All of these courses have a use, even if you are a single-digit handicap. While the round itself may not help your handicap, the adjustments you need to make to score well at these courses can be beneficial to you when you go out for your next round, or when you get into that big tournament. They can also give you a boost in your confidence. We can all get into a funk, and need something different to change our perception. I used to play pool a lot. I have 3 cues. When I would start to get in to a funk with my favorite cue, I would change to the other one. It makes you go back to the basics, and think about what you are doing, instead of just going through the motions and expecting everything to go the way it's supposed to. Try it. It might be just what you need to get to that next level.

Also, keep your "new-to-golf" friend in mind. If you're a bogey golfer, or better, taking your buddy to your favorite challenging course is not the best way to get him hooked on the game. The pitch-and-putt may not be the best bet either. I would suggest the executive Par 3 as a starting point for anyone who is out of middle school and looking to get into golf. It is challenging enough to give them a taste, but easy enough that they won't have to spend a weeks pay on golf balls.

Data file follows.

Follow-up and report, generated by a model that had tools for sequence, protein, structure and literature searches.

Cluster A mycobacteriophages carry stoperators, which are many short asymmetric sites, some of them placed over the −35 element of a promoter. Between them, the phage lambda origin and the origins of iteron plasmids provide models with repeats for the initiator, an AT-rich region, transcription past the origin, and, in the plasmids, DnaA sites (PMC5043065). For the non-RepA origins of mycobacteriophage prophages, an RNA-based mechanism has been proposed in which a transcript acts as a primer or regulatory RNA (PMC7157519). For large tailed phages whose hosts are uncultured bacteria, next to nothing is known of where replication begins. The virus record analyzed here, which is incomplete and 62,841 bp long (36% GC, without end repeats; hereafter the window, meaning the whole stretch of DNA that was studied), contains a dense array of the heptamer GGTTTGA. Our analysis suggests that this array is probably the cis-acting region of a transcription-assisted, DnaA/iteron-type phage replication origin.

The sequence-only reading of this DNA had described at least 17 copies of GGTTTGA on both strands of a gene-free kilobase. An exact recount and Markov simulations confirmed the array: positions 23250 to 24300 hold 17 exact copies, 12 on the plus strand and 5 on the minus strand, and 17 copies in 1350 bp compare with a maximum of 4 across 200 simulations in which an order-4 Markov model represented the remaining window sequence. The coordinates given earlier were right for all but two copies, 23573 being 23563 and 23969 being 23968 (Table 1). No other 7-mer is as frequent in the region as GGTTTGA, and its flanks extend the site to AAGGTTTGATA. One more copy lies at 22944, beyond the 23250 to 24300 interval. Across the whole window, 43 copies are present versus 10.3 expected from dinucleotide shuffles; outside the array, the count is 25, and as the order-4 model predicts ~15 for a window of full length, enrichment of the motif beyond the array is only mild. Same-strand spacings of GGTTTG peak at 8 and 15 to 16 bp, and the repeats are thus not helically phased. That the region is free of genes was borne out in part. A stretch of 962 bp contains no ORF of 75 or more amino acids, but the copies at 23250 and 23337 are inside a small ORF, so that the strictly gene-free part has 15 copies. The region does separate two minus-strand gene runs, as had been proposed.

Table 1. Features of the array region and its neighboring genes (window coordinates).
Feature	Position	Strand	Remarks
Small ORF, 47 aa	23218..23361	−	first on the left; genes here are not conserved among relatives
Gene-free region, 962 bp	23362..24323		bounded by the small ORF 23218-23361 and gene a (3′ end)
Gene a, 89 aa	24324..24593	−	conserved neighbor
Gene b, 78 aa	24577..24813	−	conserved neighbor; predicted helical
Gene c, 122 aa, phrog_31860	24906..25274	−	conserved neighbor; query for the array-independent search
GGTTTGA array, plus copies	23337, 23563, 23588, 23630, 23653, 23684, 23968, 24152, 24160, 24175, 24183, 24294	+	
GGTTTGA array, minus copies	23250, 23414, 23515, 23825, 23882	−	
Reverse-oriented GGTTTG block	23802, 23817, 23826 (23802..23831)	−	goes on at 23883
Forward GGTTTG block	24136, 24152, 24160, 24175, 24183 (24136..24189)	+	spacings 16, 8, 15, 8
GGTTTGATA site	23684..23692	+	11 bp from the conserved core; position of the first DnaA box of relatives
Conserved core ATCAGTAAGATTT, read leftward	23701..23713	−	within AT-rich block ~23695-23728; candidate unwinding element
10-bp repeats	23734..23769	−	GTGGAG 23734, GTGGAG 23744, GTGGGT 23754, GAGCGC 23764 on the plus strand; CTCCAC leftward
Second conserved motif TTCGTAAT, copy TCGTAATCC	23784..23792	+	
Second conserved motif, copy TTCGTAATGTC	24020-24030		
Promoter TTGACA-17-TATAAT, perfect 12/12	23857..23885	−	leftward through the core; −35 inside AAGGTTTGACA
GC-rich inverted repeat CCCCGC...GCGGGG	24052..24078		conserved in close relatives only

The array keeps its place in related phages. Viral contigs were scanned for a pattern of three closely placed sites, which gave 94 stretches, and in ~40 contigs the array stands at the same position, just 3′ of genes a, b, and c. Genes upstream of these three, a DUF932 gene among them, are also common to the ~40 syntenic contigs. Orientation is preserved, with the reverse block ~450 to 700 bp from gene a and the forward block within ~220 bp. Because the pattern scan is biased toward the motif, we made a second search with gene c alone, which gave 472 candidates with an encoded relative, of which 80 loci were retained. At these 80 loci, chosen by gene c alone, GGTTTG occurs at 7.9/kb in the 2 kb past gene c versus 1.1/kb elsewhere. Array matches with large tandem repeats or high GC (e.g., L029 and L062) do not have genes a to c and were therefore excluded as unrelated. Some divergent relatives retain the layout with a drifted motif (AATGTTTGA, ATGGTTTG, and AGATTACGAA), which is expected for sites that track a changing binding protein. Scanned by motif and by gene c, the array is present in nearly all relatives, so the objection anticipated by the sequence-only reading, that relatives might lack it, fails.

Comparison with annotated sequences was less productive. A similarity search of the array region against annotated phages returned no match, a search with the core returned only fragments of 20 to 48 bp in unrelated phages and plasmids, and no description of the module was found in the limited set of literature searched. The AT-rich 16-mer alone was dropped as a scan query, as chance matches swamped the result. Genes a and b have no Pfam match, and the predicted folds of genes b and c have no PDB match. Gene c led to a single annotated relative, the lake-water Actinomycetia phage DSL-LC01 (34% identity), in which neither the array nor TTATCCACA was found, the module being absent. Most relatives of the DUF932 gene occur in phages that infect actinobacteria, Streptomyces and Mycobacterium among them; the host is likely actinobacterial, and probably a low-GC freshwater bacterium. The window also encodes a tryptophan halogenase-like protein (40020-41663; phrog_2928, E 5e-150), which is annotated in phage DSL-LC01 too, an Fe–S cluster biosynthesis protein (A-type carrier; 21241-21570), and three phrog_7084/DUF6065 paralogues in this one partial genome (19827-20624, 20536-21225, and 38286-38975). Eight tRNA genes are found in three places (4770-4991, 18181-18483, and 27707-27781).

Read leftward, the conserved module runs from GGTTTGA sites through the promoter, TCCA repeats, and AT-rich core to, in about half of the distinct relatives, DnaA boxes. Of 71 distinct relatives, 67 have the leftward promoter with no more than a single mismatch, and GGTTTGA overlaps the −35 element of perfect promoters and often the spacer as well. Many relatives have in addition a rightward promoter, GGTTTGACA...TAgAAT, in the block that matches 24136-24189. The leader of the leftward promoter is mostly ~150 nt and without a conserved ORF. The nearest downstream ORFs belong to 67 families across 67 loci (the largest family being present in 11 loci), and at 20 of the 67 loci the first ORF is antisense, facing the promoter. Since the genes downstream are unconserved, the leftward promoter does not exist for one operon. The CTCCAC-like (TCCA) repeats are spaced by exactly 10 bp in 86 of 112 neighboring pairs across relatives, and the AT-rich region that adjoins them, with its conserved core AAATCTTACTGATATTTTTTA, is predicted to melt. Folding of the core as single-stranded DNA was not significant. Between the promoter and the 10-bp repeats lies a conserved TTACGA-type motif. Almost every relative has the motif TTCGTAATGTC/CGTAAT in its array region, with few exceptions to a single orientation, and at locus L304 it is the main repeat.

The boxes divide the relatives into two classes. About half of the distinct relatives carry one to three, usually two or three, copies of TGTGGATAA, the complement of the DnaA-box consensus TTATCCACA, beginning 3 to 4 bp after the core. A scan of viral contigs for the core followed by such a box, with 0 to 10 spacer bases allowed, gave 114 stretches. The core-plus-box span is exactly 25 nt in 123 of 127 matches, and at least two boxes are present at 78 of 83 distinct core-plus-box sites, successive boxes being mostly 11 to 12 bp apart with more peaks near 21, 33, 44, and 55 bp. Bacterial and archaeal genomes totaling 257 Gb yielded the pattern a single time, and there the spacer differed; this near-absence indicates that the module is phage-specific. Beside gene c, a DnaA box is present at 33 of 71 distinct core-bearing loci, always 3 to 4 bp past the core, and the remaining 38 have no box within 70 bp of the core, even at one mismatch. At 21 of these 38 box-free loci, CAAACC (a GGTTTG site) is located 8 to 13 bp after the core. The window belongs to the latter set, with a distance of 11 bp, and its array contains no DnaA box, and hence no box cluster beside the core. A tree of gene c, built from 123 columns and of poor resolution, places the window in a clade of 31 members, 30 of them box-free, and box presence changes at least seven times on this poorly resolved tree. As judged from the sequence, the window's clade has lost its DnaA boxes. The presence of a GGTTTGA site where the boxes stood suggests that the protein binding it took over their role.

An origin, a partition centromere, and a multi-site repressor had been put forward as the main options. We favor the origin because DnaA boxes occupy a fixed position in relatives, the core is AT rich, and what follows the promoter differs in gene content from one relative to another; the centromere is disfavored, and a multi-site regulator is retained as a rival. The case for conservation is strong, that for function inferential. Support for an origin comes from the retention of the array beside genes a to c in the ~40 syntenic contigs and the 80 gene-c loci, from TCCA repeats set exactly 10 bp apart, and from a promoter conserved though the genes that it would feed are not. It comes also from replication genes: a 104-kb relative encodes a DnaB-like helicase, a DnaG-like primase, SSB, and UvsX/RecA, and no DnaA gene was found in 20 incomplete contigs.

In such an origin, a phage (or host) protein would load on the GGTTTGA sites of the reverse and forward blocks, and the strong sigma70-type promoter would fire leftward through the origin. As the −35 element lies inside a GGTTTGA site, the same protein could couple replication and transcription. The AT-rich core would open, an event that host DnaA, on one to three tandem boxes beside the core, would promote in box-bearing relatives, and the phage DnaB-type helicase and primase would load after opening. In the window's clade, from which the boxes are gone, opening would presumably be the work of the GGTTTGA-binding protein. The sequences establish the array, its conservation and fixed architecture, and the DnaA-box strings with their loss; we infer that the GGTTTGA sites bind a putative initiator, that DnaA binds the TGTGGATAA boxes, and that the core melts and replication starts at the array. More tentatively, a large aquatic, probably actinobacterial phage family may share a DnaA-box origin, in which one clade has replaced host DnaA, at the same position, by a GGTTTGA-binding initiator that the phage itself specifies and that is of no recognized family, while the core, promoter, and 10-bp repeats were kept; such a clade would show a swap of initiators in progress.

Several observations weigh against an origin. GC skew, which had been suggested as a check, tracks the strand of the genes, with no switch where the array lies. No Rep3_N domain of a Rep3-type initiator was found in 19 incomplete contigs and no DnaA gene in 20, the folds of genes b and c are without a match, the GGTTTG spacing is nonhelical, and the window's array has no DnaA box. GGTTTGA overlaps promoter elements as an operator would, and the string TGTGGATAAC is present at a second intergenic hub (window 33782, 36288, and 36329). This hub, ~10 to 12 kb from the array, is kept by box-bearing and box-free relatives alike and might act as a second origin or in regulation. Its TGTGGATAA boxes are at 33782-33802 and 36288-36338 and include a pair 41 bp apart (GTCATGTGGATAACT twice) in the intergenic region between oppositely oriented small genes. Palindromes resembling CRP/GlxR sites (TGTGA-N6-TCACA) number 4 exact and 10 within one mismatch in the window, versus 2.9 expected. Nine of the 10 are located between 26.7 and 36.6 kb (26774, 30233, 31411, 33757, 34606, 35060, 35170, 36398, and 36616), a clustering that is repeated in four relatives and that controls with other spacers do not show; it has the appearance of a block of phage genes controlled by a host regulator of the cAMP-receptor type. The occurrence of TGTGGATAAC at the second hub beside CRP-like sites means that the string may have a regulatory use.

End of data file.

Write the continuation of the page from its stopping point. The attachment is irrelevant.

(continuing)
This was written by Mike Jaber, a reader/follower/fellow oober and the opinions are 100% his and do not reflect those of oobgolf in anyway. Enjoy! I'm sure he's ready for your feedback.

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Image via Flickr, danperry

[ comments ]
bkuehn1952 says:
Thanks for the well written and interesting article. As a kid in Massachusetts, we mainly played short courses falling anywhere from a par 3 course to a short executive-style layout.